Museum volunteers ask: ‘What is it?’

By POLLY SMITH

County Fair Writer

The new Farm Museum at the Huntingdon County Fairgrounds was constructed in 1992 and 10 years later another section was added to it. Every year it is touted across Pennsylvania as one of the finest collections of farm and home memorabilia and yet there are still those who have never stepped foot inside it.

“We find that so hard to believe,” says Denny Long, president of the museum’s board of directors.

“It is well publicized every year and for those who have not seen it, just as many have,” according to Barb McMath, who co-founded the original museum with her late husband, E. James McMath.

The Farm Museum is open free and informally to visitors from 10 a.m. to 4 p.m. Thursdays during the late spring and summer months and then when the fair opens (this year Sunday, Aug. 9) admission to this huge antiques collection of country life from days gone by is the $5 cost at the gate.

‘What is it?’

Visitors are invited to pay particular attention to a table with items displayed with this tag: “What is it?” Museum friends, such as Denny and Sharon Long and Ron and Dixie Enyeart, enjoy going to estate sales to purchase antiques. Sometimes they will buy a piece with no identification – like a certain wooden device, which was placed on the “what is it?” table.

Last year, her friends and former classmates, Betty Norris and Nancy Greene, recruited Jan Reahm of Walker Township to join the Farm Museum family. A computer literate senior citizen, Reahm has found her niche with finding identities for the unknowns. She searches the “Net” to get her answers and keeps in almost daily touch by computer with Greene, the museum chief inventory specialist who resides in Delaware.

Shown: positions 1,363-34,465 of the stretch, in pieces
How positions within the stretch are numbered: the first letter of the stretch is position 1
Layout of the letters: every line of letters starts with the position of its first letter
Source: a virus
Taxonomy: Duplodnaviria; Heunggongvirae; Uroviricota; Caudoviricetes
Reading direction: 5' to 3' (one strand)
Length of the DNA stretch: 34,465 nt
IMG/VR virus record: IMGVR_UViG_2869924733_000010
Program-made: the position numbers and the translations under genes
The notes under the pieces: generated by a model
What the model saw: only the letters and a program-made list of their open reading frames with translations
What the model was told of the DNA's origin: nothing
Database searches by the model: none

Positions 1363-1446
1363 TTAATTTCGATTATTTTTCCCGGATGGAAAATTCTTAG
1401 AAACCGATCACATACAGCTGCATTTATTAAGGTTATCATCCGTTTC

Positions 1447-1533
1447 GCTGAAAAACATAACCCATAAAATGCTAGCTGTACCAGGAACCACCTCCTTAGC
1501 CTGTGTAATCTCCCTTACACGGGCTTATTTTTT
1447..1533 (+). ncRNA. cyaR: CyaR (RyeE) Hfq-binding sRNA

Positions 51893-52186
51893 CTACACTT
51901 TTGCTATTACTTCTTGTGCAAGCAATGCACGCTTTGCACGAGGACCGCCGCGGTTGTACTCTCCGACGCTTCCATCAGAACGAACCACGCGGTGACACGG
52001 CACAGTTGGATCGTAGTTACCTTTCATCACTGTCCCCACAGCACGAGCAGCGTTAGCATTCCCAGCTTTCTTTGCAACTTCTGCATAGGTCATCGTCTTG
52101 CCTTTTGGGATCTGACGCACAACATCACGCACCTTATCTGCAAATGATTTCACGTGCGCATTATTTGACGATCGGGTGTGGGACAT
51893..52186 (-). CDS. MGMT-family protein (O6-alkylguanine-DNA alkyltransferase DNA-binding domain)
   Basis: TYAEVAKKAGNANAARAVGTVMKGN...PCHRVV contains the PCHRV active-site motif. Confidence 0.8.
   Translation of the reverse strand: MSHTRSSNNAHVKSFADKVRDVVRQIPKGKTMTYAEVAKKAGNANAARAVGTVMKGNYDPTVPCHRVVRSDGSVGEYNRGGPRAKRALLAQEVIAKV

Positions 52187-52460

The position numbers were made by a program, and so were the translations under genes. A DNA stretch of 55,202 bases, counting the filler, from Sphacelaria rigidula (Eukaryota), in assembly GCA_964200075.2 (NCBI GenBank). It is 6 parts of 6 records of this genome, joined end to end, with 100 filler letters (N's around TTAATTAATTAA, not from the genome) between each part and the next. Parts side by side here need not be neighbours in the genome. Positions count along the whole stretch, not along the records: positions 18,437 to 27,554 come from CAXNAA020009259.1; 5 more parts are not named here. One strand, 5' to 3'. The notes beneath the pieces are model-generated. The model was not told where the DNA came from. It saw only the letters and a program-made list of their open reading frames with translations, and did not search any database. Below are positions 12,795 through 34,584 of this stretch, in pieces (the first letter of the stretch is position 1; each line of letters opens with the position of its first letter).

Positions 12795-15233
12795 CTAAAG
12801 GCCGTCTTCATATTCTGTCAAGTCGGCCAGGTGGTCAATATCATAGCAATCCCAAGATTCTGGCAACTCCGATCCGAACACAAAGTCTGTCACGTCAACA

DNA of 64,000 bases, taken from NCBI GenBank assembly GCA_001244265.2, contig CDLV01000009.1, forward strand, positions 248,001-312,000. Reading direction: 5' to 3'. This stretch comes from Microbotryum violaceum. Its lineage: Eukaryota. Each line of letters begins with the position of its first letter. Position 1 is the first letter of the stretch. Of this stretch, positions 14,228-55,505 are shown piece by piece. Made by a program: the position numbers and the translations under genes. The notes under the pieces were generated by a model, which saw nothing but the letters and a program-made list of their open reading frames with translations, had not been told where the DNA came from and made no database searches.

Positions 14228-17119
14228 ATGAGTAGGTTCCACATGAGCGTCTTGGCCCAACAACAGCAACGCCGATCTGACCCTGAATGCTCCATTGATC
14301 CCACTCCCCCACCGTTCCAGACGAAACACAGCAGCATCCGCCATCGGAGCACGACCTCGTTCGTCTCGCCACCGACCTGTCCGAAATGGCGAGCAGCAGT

Yes, state residency is not a requirement to be part of this lively group!

Reahm tells her story about her first “find” with the museum: She was looking at Country magazine while waiting at the doctor’s office. She spied a photo of a wooden piece, similar to the Enyearts’ find, and copied the name of the woman who placed it there. Marjorie Morrow of the state of Indiana had 500 responses to her question about the piece, including Reahm’s inquiry. The elderly woman told Reahm the identity of the museum piece – a gout stool – after some correspondence (Morrow uses snail mail) and the two women became friends. Reahm and her daughter visited Morrow on their way to visit a relative in the Midwest.

“I gained the answer to my question and a new friend,” Reahm said.

She has listed some items in Farm and Tractor magazine, as well as Country, and hopes to get some more answers. She also hopes they will learn about some of the pieces during fair week.

From grandfather to grandkids

One of the museum’s latest acquisitions is a late 1800s child’s wagon with bark trough. It was cut down from a larger wagon, which had been built by Henry Anderson who had served in the U.S. Cavalry. Anderson used it mainly as a toy for his grandchildren. Grandson Clyde Garner played with it as a child. He later bought it from another person and restored it.

Joseph Baney and Linda Myers have donated the wagon to the Farm Museum in memory of her grandparents, M. Clyde and Olive (Norris) Garner.

The current inventory numbers over 5,000, making it one of the largest displays of farm, industry and home antiques managed by fair volunteers in Pennsylvania. Everything is well protected for those who wish to temporarily place an item on display.

The museum is wheelchair accessible and there are always friendly greeters waiting to answer questions.

Vying for ribbons

The general public enters antique farm tractors, trucks and cars (up to 1950) to compete for the best of show rosette, ribbons and cash premiums. These and some of the museum’s stock pieces are driven in the parade at 1:30 p.m. Wednesday, Aug. 12, which is Senior Citizens Day at the fair.